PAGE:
People are always asking me for quick, delicious, healthy meals that they can make on busy weeknights that the whole family will love. Although that seems like a tall order, I believe this recipe fits the bill. It’s one of my go-to meals because it’s actually deceptively simple to make yet looks elegant enough for company. And kids love it too- in fact, it’s a great way to get them to eat fish.Did you know that The American Heart Association has a dietary guideline recommendation that adults should eat at least two servings (3.5 oz each of cooked fish or ¾ cup flaked fish) of salmon or other omega-3 rich fish per week? How about that the new updated 2010 USDA dietary guidelines also recommend eating two servings (4 oz each) of seafood per week? Until now, the twice-a-week recommendation for seafood was limited to people diagnosed with heart disease; now it’s recommended for everyone.
So why is seafood being emphasized so much? It’s because salmon and other fish like mackerel, herring, lake trout, sardines and albacore tuna have high levels of the omega-3 fatty acids eicosapentaenoic acid (EPA) and docosahexaenoic acid (DHA), which have incredible health benefits. Our bodies don’t make omega-3s so we must get them from our diet. Here are just a few of the things that omega-3 fatty acids do:
- They are associated with reduced cardiac death. Specifically, they decrease the risk of irregular rhythms, may decrease triglycerides, lower blood pressure, reduce blood clotting, and slow the growth rate of atherosclerotic plaques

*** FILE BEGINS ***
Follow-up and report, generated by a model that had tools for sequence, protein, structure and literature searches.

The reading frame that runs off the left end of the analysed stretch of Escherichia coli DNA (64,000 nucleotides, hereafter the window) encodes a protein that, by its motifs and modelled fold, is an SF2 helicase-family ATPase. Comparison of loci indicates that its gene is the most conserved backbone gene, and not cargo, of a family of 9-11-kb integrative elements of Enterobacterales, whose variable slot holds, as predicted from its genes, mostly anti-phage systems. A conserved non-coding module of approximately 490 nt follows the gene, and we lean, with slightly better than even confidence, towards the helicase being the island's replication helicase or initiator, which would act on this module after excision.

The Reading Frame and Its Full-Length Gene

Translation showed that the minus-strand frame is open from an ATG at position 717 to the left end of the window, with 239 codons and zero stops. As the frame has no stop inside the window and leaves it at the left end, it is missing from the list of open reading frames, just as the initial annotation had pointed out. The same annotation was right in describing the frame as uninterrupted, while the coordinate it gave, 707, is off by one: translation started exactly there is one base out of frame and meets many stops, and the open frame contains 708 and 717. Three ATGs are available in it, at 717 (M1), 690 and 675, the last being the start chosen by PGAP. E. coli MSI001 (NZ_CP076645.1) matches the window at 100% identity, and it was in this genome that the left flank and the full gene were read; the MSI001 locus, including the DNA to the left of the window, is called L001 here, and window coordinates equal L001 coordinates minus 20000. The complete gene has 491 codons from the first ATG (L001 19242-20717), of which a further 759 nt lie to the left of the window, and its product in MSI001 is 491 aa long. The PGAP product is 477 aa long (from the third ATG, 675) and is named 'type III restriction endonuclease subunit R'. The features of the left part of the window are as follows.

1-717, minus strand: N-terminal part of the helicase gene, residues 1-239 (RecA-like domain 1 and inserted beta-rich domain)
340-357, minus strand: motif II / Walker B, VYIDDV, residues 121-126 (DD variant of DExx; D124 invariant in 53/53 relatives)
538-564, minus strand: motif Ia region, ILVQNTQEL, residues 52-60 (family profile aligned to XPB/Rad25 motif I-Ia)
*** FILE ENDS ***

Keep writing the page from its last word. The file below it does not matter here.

- Did your parents always tell you that fish is “brain food”? It turns out they were right! Omega-3s are important for neurological development, especially in fetal development and also in young children; research shows they may improve learning ability in children and may also help reduce the risk of dementia in the elderly
- They reduce inflammation and boost immunity and may reduce the risk of certain types of cancer and improve arthritis symptoms
In addition to all of the health benefits provided by omega-3 fatty acids, salmon is also high in protein and has an abundance of vitamins and minerals including B-complex vitamins, selenium, phosphorus, and potassium. I especially enjoy using wild Alaskan seafood. On top of all of the amazing health benefits, wild Alaskan salmon is a sustainable fish, which means it can be enjoyed relatively guilt-free with regards to the environment.
Alaska’s waters are also among the cleanest in the world. Recently, there have been many concerns about mercury and other contaminants in fish. The amount of contaminants depends on the type of fish and where it’s caught. Fish higher up in the food chain such as shark, swordfish, king mackerel and tilefish tend to have higher levels of mercury because they eat the smaller fish and therefore their levels build up. Industrial pollution can also produce mercury that contaminates water and for this reason every state issues advisories about the safe amount of locally caught fish that can be consumed. Salmon, however, is typically low in mercury.